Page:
Comment: Diarmuid J Kennedy, who has been featured here a couple of times already (here and here), is back with another beautiful piano composition called Maud’s Melody. which he dedicated to his youngest daughter, Maud. The story goes that Diarmuid came up with the original melody first and then decided that it would be a nice tribute for Maud. However, her older sister, Medb, thought that the piece needed more drama to reflect her little sister’s personality a bit better, so their father ended up adding a bit of drama in the second part. After hearing this story, I’m sure we’re all dying to meet little Maud, as she must be quite the character, but even without meeting her, we can all appreciate this charming tribute from a loving father to his little girl.
As it happened to many others, Kyle Wright lost his job in the middle of the pandemic. After graduating college, he had to work as an Uber driver to make ends meet. However, he never stopped dreaming about a better future. Just one year earlier, he had started a solo musical project called Away From The Earth, inspired by his time as a guitar player during worship events and on local bands around Memphis. The events during 2020 motivated him to compose and self-record an EP he named Paint With Grey, See In Color that reflected what he was feeling at the time. Kyle defines AFTE’s music style as “somewhere between post-rock energy and ambient vibes”. I couldn’t agree more with him.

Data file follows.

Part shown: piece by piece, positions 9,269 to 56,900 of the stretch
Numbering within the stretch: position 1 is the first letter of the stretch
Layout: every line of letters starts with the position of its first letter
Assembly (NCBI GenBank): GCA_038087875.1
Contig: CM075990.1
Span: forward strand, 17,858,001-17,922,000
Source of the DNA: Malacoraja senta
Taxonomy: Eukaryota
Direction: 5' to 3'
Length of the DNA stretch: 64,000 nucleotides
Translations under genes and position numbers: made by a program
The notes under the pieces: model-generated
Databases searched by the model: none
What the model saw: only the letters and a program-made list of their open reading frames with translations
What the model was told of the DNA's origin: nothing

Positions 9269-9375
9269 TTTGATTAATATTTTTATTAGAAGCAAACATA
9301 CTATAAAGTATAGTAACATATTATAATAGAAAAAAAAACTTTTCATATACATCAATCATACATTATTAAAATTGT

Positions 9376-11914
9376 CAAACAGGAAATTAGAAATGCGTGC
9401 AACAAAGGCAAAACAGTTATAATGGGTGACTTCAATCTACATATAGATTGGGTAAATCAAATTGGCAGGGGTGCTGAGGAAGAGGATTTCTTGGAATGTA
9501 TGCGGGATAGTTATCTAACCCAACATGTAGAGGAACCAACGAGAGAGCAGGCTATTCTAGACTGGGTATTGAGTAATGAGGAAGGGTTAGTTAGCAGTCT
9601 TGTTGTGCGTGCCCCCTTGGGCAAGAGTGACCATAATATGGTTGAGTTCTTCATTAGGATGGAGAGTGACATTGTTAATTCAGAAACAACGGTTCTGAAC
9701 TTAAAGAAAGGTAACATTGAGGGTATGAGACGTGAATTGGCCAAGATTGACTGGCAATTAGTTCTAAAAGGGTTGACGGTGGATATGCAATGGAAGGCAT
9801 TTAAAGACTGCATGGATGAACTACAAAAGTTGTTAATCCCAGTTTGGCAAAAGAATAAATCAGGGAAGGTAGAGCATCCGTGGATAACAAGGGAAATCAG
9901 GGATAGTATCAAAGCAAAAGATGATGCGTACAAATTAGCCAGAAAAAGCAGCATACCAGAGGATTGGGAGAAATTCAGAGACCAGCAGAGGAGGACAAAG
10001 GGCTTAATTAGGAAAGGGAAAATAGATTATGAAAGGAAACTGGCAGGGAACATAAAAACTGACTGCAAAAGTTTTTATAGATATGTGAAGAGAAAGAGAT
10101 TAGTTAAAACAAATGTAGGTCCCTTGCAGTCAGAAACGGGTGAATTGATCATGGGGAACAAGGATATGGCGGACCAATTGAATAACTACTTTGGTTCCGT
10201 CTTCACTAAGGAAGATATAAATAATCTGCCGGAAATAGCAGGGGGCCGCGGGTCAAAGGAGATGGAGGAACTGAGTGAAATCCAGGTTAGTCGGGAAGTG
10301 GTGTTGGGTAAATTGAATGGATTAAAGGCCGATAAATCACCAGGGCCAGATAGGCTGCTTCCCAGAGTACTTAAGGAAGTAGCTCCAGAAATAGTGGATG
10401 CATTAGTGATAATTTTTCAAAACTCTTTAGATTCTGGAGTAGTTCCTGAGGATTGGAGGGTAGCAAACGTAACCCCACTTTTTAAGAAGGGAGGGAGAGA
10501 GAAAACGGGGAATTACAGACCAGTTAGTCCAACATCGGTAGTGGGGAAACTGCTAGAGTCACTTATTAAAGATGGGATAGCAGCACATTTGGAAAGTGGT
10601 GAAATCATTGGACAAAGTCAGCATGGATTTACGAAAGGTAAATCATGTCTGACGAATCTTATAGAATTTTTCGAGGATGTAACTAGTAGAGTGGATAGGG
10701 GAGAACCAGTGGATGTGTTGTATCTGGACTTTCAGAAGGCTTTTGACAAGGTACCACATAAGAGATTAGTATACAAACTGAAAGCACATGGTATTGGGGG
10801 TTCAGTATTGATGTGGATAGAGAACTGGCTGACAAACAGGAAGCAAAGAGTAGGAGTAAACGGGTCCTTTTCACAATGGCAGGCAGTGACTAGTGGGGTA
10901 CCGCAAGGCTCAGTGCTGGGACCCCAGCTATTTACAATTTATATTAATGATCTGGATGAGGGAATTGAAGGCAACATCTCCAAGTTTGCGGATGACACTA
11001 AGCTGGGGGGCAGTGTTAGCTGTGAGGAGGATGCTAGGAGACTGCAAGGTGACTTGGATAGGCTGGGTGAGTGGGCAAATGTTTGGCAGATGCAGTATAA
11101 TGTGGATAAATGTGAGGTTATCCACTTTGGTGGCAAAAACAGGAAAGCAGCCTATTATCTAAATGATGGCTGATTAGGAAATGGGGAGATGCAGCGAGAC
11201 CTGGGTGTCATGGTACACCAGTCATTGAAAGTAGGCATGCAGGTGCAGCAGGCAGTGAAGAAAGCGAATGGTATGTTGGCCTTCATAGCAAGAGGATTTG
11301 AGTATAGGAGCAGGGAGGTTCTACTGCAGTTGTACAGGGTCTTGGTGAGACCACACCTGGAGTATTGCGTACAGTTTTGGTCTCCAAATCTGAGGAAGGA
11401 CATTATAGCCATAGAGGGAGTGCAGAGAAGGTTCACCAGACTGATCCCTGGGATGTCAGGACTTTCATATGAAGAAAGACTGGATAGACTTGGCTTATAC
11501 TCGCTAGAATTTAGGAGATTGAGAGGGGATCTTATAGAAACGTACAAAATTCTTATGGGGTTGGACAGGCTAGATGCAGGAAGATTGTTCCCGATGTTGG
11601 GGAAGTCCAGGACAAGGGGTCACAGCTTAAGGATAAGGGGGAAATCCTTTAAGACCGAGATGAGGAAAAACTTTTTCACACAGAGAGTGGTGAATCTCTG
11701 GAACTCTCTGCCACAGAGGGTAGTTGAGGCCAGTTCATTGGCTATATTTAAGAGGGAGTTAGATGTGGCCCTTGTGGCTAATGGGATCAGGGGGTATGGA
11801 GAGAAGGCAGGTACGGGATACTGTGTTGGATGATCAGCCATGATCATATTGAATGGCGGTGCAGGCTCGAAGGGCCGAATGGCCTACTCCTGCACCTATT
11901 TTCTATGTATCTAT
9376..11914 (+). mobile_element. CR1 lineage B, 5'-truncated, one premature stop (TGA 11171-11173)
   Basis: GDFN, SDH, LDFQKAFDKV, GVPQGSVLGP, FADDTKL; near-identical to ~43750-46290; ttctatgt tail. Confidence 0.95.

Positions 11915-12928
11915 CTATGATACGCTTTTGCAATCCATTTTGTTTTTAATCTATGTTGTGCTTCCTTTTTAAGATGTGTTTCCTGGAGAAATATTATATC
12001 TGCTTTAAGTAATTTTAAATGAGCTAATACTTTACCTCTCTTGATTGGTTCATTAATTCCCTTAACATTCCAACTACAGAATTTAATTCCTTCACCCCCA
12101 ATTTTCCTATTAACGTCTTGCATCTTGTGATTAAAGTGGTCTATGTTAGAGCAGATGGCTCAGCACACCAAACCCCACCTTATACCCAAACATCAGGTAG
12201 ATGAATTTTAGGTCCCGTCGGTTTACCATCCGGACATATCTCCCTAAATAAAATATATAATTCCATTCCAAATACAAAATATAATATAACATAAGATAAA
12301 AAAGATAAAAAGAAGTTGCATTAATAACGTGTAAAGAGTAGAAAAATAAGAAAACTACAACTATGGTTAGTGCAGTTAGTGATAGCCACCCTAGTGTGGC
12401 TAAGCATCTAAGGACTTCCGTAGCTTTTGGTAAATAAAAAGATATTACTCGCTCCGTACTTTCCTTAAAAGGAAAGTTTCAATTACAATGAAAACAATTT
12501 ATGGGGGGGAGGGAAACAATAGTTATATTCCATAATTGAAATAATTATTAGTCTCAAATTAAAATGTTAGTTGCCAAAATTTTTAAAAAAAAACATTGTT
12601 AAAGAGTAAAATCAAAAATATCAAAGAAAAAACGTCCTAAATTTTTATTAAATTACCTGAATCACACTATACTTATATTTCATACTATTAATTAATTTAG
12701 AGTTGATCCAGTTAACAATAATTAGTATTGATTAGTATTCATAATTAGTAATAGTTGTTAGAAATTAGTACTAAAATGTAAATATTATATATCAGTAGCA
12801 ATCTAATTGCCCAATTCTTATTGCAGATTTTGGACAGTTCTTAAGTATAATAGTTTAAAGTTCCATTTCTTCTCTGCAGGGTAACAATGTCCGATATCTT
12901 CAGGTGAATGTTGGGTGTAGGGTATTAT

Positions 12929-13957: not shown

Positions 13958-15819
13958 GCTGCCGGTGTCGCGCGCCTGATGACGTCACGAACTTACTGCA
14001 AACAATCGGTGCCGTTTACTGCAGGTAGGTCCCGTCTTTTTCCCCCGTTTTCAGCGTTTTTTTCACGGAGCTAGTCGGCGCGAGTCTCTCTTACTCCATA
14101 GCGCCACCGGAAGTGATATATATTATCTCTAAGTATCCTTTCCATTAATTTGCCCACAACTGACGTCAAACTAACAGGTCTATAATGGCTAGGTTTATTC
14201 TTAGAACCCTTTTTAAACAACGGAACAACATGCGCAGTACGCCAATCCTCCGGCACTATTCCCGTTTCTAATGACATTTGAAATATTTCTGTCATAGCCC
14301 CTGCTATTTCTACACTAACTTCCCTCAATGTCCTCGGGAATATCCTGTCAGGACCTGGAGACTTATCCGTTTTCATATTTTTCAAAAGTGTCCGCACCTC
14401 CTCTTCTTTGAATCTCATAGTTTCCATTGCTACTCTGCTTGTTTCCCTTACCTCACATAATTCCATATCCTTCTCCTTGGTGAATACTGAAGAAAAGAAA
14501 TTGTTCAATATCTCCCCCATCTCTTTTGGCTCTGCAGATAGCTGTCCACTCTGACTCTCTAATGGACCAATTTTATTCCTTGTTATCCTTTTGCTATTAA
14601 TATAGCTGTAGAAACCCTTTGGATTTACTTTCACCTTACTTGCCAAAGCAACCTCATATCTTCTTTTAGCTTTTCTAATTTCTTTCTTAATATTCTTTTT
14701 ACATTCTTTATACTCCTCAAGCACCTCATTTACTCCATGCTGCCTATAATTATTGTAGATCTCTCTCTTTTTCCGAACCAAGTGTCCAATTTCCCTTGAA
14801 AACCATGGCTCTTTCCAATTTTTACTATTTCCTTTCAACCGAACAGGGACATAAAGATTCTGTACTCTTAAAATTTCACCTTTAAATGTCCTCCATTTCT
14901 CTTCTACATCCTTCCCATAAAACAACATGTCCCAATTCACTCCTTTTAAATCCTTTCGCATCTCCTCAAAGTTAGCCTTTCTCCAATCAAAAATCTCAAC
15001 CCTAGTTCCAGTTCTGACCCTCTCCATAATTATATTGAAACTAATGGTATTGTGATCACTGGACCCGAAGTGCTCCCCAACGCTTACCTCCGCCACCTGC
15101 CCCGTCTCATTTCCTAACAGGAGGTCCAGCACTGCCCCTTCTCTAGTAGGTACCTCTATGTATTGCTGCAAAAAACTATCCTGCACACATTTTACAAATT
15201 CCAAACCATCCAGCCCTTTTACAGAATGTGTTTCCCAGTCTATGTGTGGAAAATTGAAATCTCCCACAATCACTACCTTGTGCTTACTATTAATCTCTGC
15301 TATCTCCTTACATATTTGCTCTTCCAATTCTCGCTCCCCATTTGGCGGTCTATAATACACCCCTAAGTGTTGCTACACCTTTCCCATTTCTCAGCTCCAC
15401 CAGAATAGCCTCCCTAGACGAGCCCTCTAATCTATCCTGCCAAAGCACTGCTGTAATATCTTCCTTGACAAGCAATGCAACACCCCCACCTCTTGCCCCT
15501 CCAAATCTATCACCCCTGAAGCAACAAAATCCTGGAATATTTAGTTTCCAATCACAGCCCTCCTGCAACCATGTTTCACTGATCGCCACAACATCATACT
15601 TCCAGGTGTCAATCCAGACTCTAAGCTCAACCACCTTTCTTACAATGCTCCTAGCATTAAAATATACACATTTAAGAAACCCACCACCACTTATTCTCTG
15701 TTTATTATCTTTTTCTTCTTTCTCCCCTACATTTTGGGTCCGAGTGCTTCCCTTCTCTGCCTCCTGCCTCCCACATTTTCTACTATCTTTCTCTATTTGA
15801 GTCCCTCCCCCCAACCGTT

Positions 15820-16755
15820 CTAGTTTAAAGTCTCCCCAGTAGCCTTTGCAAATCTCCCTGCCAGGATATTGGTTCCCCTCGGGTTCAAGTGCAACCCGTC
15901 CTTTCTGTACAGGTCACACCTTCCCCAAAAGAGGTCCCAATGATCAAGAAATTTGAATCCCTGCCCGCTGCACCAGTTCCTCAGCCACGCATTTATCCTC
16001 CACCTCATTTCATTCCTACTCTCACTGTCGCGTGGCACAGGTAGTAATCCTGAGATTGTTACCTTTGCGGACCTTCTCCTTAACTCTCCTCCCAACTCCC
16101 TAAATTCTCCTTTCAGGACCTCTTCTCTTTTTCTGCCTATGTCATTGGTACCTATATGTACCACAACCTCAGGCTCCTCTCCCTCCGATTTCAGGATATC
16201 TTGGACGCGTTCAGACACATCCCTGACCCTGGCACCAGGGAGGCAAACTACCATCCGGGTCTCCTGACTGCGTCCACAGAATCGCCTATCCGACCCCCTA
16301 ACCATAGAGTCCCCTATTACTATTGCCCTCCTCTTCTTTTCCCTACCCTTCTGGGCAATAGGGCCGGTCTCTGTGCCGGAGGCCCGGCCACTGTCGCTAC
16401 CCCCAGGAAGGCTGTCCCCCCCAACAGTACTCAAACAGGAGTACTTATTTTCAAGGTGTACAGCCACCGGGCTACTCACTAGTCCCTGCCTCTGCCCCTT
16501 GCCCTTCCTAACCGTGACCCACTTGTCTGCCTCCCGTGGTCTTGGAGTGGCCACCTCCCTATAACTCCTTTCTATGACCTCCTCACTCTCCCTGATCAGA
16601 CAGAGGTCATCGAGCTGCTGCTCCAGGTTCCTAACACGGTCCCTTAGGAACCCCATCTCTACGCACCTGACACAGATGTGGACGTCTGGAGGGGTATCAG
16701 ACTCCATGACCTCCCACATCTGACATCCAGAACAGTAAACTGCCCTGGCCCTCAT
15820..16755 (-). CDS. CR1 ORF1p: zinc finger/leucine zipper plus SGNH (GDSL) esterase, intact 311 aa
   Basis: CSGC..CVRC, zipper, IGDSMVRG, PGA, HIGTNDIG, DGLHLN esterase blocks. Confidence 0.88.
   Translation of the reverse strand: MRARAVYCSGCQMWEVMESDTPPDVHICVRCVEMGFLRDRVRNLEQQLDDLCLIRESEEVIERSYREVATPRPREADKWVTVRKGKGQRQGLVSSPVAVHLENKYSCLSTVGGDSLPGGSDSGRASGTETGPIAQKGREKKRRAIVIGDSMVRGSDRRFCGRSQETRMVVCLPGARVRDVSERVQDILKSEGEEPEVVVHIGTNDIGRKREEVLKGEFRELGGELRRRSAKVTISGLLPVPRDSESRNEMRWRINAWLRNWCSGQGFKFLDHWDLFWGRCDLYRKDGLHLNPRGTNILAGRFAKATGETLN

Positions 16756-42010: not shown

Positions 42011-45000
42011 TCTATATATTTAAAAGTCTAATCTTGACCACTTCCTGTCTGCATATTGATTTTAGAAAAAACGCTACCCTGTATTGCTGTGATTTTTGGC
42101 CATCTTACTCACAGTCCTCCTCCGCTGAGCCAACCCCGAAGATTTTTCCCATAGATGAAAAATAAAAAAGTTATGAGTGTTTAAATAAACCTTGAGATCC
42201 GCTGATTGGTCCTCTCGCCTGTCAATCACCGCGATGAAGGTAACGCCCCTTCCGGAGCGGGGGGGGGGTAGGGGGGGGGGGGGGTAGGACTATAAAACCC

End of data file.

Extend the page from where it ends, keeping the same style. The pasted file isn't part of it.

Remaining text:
The EP is really good but I fell in love with its first track: The Secret Is To Begin, which is simply mesmerizing. Kyle says that it was based on the sound made by “taping bubble wrap to a fan and laying it over the strings of an electric guitar”, which I would never have guessed on my own given such a beautiful piece of #postrock music. The bottom line is that it is a spellbinding song that you will want to inject into your veins. Listen to it at your own peril.
There is a town in Japan called Hakone that is famous for its views of Mount Fuji and hot springs. This natural spa inspired LA-based Turkish composer Deniz Cuylan to layer multiple guitar arpeggios in a chaotic but harmonious way, just like a thermal spring. The end result, Flaneurs In Hakone, is certainly a beautiful piece of music that can help relax you even when the closest thing to a hot spring you have around is your shower head.
Flaneurs In Hakone is part of No Such Thing as Free Will, a new album from Deniz Cuylan. In addition to having 10 albums spanning a variety of genres, Deniz also works as a sound designer and film composer on projects such as the Emmy nominated Netflix documentary film, Mars Generation, the Netflix tv series: El Chapo and Rise of Empires: Ottoman.
Listen to this little taster of what this talented musician can do below.